Comment Siding Spring Observatory (Score 2) 79

This is a place to bring my favorite joke by Virginia Trimble: "It is Siding Spring Observatory, not Siding Springs, this being Australia, after all". I hope that the damage is small. This is the most beautiful observatory site I have been observing at. and it would be a shame to see the telescopes damaged. Not only the AAT, but also the smaller telescopes on that site have been very productive.

Comment Re:What's the point? (Score 2) 909

I don't think your argument that the American system is more convenient to live in holds. If you talk to people who grew up outside of the US (like me, for example) you will find that they can think as easily in Centigrades and cm as an USAian can think in inches and Fahrenheit. For example, you wouldn't talk about a 2/3m door, but a 70cm door, and people tend to think of room temperature as 20C or 22C. I travel back and forth between Europe and the US quite often and I do not find any practical difference between both systems. I think you're spot on with your argument why metric hasn't taken over yet. It's one of the idiosyncracies of the US system that are very difficult to understand for people from the outside (others are, e.g., the electoral system, discussions on gun control, etc.)...

Comment Re:RTFA (Score 1) 473

I have yet to see an air based heating system in Europe. In Germany, virtually all heating systems are water based. The renewable energy used to make power in Germany is not only solar but also wind based. Plus there are backup sources (e.g., water based power plants). And, adding to that an infrastructure that actually works. I live in Germany, my significant other in the US. In the past seven years I had a few seconds of power outage TOTAL. My significant other had more than one week this year alone.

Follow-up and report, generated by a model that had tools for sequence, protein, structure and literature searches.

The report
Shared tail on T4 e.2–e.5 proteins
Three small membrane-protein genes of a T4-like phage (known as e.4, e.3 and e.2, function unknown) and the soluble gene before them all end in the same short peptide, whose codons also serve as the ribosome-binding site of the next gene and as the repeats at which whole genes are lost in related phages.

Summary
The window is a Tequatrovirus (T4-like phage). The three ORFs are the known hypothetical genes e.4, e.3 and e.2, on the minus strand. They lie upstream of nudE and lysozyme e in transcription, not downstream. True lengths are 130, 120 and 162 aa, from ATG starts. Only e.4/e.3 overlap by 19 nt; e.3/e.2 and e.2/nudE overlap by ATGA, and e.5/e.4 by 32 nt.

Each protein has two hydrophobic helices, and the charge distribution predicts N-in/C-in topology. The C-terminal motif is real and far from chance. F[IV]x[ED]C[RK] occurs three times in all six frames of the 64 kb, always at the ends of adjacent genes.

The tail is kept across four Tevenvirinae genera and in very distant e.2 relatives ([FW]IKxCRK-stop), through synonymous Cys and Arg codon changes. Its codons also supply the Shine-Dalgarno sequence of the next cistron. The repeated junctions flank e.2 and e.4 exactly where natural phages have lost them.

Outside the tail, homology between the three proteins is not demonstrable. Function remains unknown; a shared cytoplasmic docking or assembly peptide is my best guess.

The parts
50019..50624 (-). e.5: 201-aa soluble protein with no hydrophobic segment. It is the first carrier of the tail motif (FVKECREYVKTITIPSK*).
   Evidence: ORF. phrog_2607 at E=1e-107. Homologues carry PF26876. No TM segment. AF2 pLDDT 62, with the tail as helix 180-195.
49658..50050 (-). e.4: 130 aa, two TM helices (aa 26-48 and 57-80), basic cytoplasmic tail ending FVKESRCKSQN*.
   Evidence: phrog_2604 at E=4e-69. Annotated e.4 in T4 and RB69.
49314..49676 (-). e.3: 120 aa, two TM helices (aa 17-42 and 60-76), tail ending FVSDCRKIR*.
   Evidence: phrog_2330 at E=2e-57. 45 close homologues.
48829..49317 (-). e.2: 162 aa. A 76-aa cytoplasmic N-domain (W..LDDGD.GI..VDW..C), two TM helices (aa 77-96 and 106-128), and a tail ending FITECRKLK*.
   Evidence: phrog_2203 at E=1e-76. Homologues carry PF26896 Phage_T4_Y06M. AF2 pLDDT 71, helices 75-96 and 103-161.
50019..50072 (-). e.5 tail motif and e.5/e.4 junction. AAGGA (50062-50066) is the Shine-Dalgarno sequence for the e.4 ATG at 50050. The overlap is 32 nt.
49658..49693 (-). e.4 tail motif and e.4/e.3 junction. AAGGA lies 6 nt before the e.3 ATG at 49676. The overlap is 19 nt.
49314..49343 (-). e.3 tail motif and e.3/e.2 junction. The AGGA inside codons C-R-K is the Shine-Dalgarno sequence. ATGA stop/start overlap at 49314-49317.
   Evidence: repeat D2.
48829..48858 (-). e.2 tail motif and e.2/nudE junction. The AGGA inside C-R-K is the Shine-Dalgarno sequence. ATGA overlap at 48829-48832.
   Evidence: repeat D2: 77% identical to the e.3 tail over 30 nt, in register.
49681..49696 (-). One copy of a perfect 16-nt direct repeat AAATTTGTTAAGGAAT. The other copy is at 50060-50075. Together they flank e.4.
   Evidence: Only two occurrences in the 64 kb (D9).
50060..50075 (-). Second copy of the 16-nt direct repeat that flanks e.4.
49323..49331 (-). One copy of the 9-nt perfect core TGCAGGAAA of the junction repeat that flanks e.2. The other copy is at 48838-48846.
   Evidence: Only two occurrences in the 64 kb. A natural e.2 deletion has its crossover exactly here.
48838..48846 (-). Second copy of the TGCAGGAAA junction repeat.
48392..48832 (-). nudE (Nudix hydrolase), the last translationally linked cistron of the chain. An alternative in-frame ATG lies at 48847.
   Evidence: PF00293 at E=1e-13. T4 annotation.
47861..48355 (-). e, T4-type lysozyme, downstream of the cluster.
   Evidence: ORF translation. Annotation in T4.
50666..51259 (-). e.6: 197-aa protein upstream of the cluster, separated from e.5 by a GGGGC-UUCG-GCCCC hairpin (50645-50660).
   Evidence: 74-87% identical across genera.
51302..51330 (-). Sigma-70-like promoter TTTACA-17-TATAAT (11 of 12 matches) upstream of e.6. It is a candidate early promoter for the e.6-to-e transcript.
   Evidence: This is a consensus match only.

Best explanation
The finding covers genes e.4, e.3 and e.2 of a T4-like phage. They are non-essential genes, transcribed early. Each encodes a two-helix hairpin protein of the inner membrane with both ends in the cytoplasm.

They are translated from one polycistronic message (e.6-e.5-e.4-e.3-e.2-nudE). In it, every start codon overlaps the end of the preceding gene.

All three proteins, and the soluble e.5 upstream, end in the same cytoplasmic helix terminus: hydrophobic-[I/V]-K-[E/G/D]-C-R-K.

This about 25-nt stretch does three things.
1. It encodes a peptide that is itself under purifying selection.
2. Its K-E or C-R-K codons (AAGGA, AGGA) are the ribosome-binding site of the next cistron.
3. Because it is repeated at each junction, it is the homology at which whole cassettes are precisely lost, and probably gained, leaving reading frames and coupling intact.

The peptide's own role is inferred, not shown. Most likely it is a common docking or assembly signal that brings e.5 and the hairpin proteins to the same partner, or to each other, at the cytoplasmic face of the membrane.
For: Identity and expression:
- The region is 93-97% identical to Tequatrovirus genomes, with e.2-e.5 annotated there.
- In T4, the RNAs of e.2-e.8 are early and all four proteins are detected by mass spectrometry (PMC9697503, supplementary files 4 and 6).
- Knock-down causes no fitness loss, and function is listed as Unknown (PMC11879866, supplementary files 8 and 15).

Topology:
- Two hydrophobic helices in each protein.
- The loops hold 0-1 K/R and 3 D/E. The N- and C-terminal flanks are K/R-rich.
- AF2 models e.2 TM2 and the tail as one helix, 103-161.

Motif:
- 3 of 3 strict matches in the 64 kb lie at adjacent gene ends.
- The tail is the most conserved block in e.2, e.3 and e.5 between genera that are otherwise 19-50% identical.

Comment Re:Misleading summary (Score 1) 459

But the point is, the occurrence of an earthquake was very improbable. This fact is not changed even by the occurrence of an earthquake shortly after.

What the scientists were asked to do is effectively the same as predicting who would win the lottery. This is just not possible - even if somebody still wins it every few weeks...

Comment Re:Moral of the Story (Score 2) 459

I work with people from INAF (the national astronomy institute), ASI (the space agency), INFN (the nuclear physics institute), and several universities (Milan, Catania, Roma, Palermo, and others). For none of them your statements are correct, most of them (in their 40s) have around 100-150 refereed publications.

I am not going to name names on slashdot, but I really think that discussions should be based on facts and not on unfunded allegations as the ones you are bringing up here. It is not the people that are the problem, it is the system in Italy - as also evidenced by this very, very unfortunate court decision today.

Comment Re:Moral of the Story (Score 5, Interesting) 459

Well, I know that this is flamebait, but still...

I work quite a lot with scientists from Italy in my area (astrophysics). They are among the most dedicated scientists I know and are doing world leading science. They are also among the least well paid - which shows their dedication to science.

The former Italian government (under Berlusconi) tried for years to marginalize science and research in Italy and this is yet another blow to the scientific system in Italy. The result will be disastrous and lead to an even larger brain drain of highly qualified people from Italy than what Italy has already experienced in the past 10-20 years. Everybody can imagine what this means for the long-term future of Italy as a place of innovation and science, which has already been damaged badly.